Stanford most selective college only admits 4.69% of applicants to Class of 2020
By Bonnie K. Goodman
March 30, 2016 4:22 PM MST
With the Class of 2020 admission statistics, Stanford University just claimed the prize as the United States’ most selective college. On Friday, March 25, 2016, only 1,318 high school seniors received offers of admission from the West Coast’s answer to the Ivy League. In combination with the 745 students accepted this past December, only 2,063 students received the exclusive invite to join the university’s freshmen class of the fall of 2016.
According to the Class of 2020 acceptance data, the number 2,063 represents an acceptance rate of only 4.69 percent of the unprecedented 43,997 applicants that vied for a spot in Stanford. The applicants this year came from all 50 states and 76 countries. The University is boasting of its exclusively even as more high school seniors apply and are crushed at the response.
As the Stanford Daily notes, “This year’s undergraduate admissions rate is the lowest in Stanford’s history.” Stanford out did last year when they also hit a record lowest admissions rate. The lowering rate has become a trend in the past couple years, as a record number of students are applying Stanford, who also received the most applications for the elite schools.
Richard H. Shaw, the dean of admission and financial aid, commented to the Stanford Report on the incoming freshmen class, “We are honored by the interest in Stanford, and overwhelmed by the exceptional accomplishments of the students admitted to the Class of 2020. Our admitted students reflect the deep and profound diversity of the world in which we live. We believe these students will impact that world in immeasurable ways.”
Associate dean and director of admission Colleen Lim M.A. ’80 spoke to the Stanford Daily News in an email about the strict admissions process. Lim explained, “This was an incredibly challenging year for our admissions staff. Throughout our evaluation process, we met amazing young people from around the world.”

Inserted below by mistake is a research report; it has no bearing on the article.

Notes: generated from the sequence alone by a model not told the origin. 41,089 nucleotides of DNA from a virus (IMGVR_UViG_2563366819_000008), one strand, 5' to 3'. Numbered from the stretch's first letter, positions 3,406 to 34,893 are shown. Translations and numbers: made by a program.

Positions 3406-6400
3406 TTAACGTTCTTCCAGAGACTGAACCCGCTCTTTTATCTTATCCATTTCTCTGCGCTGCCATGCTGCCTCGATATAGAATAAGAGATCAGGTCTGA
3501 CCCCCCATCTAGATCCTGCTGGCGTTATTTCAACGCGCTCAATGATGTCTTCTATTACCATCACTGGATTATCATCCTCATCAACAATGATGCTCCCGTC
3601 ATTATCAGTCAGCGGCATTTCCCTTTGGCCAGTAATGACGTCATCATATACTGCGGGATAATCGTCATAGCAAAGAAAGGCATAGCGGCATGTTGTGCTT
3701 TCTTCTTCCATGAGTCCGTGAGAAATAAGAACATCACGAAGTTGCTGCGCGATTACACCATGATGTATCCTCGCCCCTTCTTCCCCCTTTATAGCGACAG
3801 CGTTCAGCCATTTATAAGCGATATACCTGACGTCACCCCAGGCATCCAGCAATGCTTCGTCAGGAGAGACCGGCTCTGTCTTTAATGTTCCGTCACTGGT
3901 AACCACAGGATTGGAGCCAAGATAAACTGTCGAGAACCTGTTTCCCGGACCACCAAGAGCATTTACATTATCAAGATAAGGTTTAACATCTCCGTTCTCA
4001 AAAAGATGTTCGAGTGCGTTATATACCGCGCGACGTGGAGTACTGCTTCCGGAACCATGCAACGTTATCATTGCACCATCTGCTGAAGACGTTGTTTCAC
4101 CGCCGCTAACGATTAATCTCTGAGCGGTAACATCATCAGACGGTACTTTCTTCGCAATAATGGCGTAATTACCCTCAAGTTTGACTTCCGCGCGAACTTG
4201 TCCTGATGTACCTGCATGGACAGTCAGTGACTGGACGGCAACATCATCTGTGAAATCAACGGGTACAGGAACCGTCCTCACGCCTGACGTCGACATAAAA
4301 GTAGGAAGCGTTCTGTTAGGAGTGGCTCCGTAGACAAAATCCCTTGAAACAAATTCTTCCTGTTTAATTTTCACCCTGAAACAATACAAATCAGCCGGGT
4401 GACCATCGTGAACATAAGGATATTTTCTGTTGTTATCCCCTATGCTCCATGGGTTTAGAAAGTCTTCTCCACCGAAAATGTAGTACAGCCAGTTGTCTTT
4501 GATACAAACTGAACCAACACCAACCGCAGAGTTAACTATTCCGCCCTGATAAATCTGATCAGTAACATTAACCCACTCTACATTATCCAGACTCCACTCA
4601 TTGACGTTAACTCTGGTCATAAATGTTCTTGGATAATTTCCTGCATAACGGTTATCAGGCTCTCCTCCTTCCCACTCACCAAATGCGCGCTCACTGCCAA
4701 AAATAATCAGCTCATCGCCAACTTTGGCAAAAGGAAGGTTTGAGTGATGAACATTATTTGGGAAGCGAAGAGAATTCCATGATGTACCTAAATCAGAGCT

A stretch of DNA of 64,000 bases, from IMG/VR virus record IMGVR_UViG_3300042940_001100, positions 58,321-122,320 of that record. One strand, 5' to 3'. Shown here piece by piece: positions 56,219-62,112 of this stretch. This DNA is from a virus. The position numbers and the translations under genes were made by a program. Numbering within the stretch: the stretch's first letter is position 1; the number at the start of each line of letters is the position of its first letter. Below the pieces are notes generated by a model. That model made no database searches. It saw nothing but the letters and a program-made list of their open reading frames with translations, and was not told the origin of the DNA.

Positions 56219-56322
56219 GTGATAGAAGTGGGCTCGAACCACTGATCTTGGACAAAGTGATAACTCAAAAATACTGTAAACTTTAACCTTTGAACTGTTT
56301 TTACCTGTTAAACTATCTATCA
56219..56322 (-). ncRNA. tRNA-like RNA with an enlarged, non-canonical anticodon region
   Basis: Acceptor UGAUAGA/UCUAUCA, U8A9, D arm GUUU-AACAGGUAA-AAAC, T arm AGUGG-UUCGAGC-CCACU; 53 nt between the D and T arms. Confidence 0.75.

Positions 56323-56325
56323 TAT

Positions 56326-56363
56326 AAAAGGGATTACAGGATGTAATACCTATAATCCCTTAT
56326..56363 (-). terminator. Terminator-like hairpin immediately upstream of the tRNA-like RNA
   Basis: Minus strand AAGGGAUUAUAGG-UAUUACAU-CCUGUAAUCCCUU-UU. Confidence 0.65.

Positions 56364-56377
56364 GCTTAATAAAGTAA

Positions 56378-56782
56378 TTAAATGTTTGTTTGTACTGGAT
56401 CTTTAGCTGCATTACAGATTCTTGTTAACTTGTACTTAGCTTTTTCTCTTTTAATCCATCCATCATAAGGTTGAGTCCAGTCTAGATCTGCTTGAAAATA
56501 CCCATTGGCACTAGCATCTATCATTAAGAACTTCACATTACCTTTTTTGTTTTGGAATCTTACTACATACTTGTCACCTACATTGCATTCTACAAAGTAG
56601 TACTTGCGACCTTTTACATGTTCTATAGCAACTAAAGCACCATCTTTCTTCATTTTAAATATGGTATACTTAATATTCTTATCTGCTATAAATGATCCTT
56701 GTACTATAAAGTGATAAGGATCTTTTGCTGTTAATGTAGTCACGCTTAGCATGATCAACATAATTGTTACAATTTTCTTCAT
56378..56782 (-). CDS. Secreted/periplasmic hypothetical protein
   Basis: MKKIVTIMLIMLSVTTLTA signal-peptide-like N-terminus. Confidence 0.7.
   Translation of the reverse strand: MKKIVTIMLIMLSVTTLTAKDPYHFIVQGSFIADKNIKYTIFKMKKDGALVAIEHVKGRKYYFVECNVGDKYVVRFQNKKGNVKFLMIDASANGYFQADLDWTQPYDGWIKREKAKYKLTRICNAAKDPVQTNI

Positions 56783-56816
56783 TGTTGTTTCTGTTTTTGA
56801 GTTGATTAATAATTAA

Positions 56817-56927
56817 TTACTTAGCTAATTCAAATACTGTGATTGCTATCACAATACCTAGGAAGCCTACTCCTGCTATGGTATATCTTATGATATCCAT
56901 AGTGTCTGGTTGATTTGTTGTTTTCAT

Lim described the exceptional qualities of the applicant pool, “They showed highly developed ability for problem-solving and self-expression. Some brought exceptional creativity and talent, others demonstrated entrepreneurship and the vast majority of applicants were deeply engaged in service to others. We were moved by personal stories of courage, resilience and character. It was extremely difficult to choose so few from among so many impressive candidates.”
Last year for the Class of 2019, Stanford’s admission rate was 5.05 percent, admitting “2,144 students from 50 states and 77 countries” from 42,487 applicants. Stanford’s acceptance rate has been shrinking with each passing year. In 2014, it was 5.07 percent and in 2013, it was 5.7 percent.
The numbers have become comical according to New York Times op-ed columnist Frank Bruni. Bruni is the author of a book about the college admissions process, “Where You Go Is Not Who You’ll Be: An Antidote to the College Admissions Mania” published in 2015. The book downplays the importance of being accepted or rejected by the Ivy League or elite universities and instead focuses on offering students advice about finding the best college that fits their needs, and they will be successful if they want when they graduate regardless of the college.
Bruni took an early April Fool’s jab at Stanford’s Class of 2020 acceptance rate in an editorial published on Wednesday, March 30, 2016, entitled “College Admissions Shocker!” where he claimed that this year Stanford decided not to admit any students to the Class 2020, that is how selective they have become.
Bruni mocked the university, writing with a tongue and cheek style, “With no one admitted to the class of 2020, Stanford is assured that no other school can match its desirability in the near future.” Creatively Bruni quoted an anonymous administrator, who said, “We had exceptional applicants, yes, but not a single student we couldn’t live without.”
Bruni did not admit the article was a joke, meant to mock the “absurdity of the admission process,” but all signs point to an early April Fool’s joke on the university that needs to review that are going beyond selectivity, that none of the Ivy Leagues are achieving.
Stanford was the first of the elite and Ivy League colleges to post their Class of 2020 acceptance rates, but it is significantly lower than any of the Ivy League’s Class of 2019 data from the 2015 admissions rounds. All the Ivy Leagues, however, are continuing a trend of posting record low acceptance rates. Only Harvard, Columbia, Yale and Princeton had acceptance rates in the close vicinity but still were higher than Stanford’s was.
Brown University: An 8.49% acceptance rate with 2,580 students accepted out of 30,397 applicants.
Columbia University: A 6.1% acceptance rate with 2,228 students accepted out of 36,250 applicants.
Cornell University: A 14.9% acceptance rate with 2,228 students accepted out of 36,250 applicants.
Dartmouth College: A 10.3% acceptance rate with 6,234 students accepted out of 41,907 applicants.
Harvard University: A 5.33% acceptance rate with 1,990 students accepted out of 37,307 applicants.
Princeton University: A 6.99% acceptance rate with 1,908 students accepted out of 27,290 applicants.
University of Pennsylvania: A 9.9% acceptance rate with 3,697 students accepted out of 37,267 applicants.
Yale University: A 6.26% acceptance rate with 1,963 students accepted out of 30,237 applicants.